Clothes with Charge
Some clothes in the future might be able to keep your personal devices going. We all carry around at least a phone these days, but these gadgets need charging. Batteries continue to get better, but you can still easily run low on juice when you need it most. You can already get a coat or jacket that will charge your phone for you (using solar panels) but in the future, there won't be any need for that. Instead, they will charge your device using the expelled energy from your body, so there won't be any need to stand in a sunny spot.
So, your clothes might be able to change colour in the future, but what if they could change shape? There are some people trying to see if we might be able to change the shape and fit of our clothes in the near future, so we can adjust them for different occasions. This would involve some fairly complicated science and some specially woven fabrics so that you would be able to change the sleeve or hem length of a garment, or perhaps adjust its drape. If you want something close to that now, you could always look for items that you can wear in a number of different ways.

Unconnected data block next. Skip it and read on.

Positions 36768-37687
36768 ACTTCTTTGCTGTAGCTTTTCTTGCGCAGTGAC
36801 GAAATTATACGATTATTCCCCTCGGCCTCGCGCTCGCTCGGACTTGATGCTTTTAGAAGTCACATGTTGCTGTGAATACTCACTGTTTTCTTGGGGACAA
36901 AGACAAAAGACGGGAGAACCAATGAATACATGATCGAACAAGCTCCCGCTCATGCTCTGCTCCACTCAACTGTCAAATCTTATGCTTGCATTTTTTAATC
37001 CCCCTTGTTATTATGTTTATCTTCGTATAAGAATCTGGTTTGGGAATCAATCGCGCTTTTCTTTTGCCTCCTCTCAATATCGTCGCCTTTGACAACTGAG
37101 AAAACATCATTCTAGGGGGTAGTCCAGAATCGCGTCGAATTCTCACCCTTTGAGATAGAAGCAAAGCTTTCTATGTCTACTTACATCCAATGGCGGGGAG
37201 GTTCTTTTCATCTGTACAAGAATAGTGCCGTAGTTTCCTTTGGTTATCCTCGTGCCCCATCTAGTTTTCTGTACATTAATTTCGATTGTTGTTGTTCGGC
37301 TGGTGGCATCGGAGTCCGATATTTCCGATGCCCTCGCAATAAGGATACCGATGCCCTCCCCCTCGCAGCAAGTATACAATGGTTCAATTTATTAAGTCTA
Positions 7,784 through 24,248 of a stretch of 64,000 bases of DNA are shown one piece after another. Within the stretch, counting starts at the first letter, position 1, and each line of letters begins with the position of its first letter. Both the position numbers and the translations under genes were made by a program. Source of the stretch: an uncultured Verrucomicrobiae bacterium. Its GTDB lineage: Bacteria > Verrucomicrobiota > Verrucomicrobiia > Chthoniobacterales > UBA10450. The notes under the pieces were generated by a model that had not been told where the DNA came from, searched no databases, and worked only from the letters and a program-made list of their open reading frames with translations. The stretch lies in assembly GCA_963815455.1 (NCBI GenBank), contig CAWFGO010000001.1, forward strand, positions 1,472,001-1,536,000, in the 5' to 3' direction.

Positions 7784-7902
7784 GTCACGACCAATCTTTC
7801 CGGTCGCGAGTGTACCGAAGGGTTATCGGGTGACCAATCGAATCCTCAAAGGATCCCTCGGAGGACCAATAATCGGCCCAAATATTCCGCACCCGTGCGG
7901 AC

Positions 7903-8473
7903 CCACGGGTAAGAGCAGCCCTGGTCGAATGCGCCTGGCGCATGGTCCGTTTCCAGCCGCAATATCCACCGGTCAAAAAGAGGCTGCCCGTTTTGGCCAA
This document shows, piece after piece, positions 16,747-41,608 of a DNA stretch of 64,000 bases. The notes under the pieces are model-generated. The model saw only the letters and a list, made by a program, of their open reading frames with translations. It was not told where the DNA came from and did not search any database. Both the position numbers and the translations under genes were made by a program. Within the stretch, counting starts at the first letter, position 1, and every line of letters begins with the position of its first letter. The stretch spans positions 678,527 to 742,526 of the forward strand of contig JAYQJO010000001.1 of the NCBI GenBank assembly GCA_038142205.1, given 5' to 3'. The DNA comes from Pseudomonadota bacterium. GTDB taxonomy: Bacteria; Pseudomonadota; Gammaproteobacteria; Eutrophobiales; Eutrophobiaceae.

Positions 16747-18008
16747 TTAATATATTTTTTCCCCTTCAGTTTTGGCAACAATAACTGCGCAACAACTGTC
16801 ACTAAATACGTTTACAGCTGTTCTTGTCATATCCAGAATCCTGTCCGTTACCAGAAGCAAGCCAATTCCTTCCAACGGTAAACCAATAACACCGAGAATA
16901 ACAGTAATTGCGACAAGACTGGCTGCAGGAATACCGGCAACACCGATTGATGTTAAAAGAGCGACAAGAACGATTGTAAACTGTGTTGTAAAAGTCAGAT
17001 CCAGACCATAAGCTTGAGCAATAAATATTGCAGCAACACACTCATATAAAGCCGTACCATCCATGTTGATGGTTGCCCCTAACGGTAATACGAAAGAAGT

When you buy clothes or shoes online, do you buy different sizes and send back the ones that don't fit? This is more common than you might think. Even if you don't order several sizes at once, you might have returned something and ordered it again in another size. Some brands have started offering services that let you try their products at home before you pay for them. In the future, it's very likely this kind of service is going to more widely available.
The fashion world could look very different in just a few years. The way we dress and shop might change a lot, but it's all part of keeping up with new discoveries and innovations.
PS. Pop by this link and check out my shoellery which uses 3D printing.